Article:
Non-fibrillar Amyloidogenic Protein Assemblies - Common Cytotoxins Underlying Degenerative Diseases

  • Farid Rahimi
  • Gal Bitan

Table of contents

  1. Front Matter
    Pages i-viii
  2. Kyle C. Wilcox, Jason Pitt, Adriano Sebollela, Helen Martirosova, Pascale N. Lacor, William L. Klein
    Pages 103-133
  3. Dong-Pyo Hong, Wenbo Zhou, Aaron Santner, Vladimir N. Uversky
    Pages 189-216
  4. Theri Leica Degaki, Dahabada H. J. Lopes, Mari Cleide Sogayar
    Pages 217-255
  5. Aaron Kerman, Avijit Chakrabartty
    Pages 257-288
  6. Giuseppe Legname, Gabriele Giachin, Federico Benetti
    Pages 289-317
  7. Rodrigo Morales, Claudia A. Duran-Aniotz, Claudio Soto
    Pages 319-335
  8. Regina M. Murphy, Robert H. Walters, Matthew D. Tobelmann, Joseph P. Bernacki
    Pages 337-375
  9. John P. Hodkinson, Alison E. Ashcroft, Sheena E. Radford
    Pages 377-405
  10. Maria João Saraiva, Isabel Santos Cardoso
    Pages 407-432
  11. Back Matter
    Pages 561-565

About this book


Aberrant protein folding and self-assembly underlie over 30 human diseases called amyloidoses, for which currently there is no cure. The diseases range from tissue-specific to systemic and from genetic to sporadic. Some of the most devastating amyloidoses are those that affect the central nervous system (CNS), such as Alzheimer’s disease (AD), Parkinson’s disease (PD), prionoses (e.g., mad-cow disease), and amyotrophic lateral sclerosis (Lou Gehrig’s disease). In each disease, one or more proteins self-associate into toxic oligomers that disrupt cellular function and communication, and proceed to form insoluble amyloid aggregates characterized by fibrillar morphology and cross-β structure.

The first decade of the 21st century has brought with it significant progress in our understanding of amyloid diseases, including the physiological and pathological processes involving each of the offending proteins. Important developments also provide now improved diagnoses of different amyloidoses and new approaches are being developed towards disease-modifying therapies. This book covers the current state-of-the-art knowledge on amyloidoses as a general phenomenon and offers detailed reviews of individual amyloid-forming proteins and specific diseases.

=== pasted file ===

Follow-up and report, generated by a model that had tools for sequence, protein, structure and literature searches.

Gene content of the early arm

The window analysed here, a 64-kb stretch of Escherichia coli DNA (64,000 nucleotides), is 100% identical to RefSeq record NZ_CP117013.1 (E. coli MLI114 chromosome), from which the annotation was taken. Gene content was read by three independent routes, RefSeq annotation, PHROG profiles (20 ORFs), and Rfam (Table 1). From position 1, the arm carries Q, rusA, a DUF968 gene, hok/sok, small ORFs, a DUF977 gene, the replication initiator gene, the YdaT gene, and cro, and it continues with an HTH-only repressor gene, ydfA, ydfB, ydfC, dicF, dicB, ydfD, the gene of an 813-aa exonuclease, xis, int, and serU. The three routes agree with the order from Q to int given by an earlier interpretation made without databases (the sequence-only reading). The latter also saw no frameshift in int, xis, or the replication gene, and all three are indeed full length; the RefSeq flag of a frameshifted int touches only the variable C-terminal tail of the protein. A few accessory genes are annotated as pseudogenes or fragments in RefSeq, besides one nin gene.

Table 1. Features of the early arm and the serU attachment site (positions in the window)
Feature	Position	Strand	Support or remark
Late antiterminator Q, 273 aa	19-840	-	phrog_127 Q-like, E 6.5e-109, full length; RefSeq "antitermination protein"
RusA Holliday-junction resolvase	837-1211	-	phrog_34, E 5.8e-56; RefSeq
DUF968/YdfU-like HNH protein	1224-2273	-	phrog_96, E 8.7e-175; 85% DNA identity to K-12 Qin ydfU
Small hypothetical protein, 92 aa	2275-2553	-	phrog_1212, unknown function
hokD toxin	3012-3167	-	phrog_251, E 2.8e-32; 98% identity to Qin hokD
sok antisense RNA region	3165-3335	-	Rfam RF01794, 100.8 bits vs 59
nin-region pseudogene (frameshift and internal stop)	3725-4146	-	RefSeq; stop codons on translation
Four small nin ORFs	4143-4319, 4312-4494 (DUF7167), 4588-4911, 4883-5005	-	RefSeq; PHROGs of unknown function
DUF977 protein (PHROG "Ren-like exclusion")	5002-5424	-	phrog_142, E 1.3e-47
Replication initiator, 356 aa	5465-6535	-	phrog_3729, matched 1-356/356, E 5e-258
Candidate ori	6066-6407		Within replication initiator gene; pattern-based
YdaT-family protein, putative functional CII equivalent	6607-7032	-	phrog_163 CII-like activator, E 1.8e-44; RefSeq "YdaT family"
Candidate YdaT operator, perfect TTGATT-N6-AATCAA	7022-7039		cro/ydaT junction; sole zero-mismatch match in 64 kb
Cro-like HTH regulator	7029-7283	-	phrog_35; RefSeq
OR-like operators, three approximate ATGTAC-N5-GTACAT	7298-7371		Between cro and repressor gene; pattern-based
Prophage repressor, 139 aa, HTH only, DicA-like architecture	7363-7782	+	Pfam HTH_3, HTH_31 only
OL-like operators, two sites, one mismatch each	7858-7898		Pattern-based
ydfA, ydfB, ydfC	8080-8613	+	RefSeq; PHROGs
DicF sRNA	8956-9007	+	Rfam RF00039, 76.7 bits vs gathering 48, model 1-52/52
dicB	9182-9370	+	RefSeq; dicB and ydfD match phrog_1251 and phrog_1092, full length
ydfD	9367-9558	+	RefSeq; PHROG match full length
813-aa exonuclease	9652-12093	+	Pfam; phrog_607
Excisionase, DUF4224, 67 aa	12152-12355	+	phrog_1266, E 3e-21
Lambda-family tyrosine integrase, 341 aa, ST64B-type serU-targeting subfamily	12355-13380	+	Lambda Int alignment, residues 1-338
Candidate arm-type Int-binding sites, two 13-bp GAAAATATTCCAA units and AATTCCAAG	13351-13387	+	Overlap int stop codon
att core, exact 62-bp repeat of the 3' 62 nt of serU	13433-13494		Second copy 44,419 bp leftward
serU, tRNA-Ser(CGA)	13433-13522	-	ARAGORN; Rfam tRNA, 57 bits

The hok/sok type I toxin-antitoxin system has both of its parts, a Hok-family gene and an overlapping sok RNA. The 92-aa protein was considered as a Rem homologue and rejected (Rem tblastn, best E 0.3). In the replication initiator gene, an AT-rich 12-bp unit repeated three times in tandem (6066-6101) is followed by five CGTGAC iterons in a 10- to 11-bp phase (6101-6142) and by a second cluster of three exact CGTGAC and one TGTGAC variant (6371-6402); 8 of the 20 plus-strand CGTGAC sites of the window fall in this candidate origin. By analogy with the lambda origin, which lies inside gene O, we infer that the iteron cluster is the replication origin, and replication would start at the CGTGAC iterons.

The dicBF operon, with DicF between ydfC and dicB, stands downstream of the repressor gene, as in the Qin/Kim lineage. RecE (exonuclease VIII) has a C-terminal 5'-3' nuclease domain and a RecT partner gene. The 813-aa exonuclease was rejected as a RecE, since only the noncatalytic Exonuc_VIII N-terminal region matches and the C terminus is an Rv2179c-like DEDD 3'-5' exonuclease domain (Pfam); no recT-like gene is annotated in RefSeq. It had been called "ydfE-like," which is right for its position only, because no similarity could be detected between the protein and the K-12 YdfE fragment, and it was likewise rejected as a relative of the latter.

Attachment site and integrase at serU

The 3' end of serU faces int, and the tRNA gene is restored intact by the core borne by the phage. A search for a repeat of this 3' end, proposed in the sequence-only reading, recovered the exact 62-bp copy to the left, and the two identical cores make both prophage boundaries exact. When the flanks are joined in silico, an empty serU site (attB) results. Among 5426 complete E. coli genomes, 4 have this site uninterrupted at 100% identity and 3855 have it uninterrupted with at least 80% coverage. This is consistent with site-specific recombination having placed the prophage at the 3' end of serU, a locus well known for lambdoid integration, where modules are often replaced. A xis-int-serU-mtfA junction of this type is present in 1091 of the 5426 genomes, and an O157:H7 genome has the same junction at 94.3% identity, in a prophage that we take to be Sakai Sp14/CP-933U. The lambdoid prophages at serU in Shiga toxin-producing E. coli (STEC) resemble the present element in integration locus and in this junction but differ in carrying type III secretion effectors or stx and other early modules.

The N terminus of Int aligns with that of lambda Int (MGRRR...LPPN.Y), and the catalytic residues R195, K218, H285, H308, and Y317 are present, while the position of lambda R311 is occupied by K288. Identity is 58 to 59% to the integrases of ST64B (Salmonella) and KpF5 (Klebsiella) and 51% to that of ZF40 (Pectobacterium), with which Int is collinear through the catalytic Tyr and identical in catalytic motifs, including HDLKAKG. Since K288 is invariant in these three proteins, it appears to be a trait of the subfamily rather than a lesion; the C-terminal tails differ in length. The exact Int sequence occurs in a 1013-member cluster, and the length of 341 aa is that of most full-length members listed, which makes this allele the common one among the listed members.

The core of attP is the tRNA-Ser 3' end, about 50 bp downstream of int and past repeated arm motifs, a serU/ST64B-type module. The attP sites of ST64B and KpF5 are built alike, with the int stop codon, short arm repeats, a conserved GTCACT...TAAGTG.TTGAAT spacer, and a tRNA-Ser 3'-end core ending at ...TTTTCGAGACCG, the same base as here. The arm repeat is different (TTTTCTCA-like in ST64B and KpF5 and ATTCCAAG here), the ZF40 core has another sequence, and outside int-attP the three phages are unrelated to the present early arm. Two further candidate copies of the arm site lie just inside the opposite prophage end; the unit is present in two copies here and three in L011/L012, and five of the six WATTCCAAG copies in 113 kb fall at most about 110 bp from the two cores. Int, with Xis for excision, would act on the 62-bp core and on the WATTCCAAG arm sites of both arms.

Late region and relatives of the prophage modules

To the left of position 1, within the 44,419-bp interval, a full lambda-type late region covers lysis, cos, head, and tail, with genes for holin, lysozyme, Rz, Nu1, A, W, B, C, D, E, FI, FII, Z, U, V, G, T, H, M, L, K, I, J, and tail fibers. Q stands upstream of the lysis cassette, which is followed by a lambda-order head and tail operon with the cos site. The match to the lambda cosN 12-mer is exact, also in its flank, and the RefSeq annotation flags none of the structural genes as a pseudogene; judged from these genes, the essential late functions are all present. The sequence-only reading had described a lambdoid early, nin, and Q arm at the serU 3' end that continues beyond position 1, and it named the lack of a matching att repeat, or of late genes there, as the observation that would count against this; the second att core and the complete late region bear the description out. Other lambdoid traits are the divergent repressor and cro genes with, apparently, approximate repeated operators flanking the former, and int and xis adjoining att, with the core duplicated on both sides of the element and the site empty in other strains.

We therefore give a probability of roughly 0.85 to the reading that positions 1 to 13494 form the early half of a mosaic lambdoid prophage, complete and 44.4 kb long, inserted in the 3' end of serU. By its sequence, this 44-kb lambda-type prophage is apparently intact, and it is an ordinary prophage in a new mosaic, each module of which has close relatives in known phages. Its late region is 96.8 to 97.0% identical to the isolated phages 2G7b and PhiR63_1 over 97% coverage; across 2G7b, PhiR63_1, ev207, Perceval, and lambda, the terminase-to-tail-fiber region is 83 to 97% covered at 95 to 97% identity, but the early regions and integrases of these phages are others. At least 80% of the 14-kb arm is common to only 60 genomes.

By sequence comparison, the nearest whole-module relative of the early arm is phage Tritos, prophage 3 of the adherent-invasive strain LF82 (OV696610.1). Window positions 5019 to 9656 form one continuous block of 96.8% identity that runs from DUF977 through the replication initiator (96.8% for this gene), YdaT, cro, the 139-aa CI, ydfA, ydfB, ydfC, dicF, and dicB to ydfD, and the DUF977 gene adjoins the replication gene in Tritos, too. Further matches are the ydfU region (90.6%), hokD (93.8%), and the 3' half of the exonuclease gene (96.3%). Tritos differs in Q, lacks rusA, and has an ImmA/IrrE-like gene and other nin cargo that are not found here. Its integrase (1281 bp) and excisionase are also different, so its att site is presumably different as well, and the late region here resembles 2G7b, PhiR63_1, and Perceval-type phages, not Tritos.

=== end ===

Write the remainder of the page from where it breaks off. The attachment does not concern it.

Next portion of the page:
• Coverage of the pathologic and pathogenic structures of amyloidogenic proteins from the pathological lesions to the evasive oligomers that are believed to be the main culprits.
  • Detailed discussions of diseases of epidemic proportion, such as Alzheimer’s disease, Parkinson’s disease, and type-2 diabetes.
  • Current reviews of multiple diseases, including amyotrophic lateral sclerosis, prionoses, expanded polyglutamine diseases, dialysis-related amyloidosis, and transthyretin-related amyloidoses.
  • Mechanism-based strategies for inhibiting protein aggregation and potential therapeutic applications in different diseases.


Amyloidogenic proteins Degenerative/neurodegenerative diseases Mechanisms of disease Non-fibrillar oligomeric assemblies Protein-misfolding diseases

Editors and affiliations

  • Farid Rahimi
    • 1
  • Gal Bitan
    • 2
  1. 1., Research School of BiologyAustralian National UniversityCanberraAustralia
  2. 2., NeurologyUniversity of California at Los AngelesLos AngelesUSA

Bibliographic information

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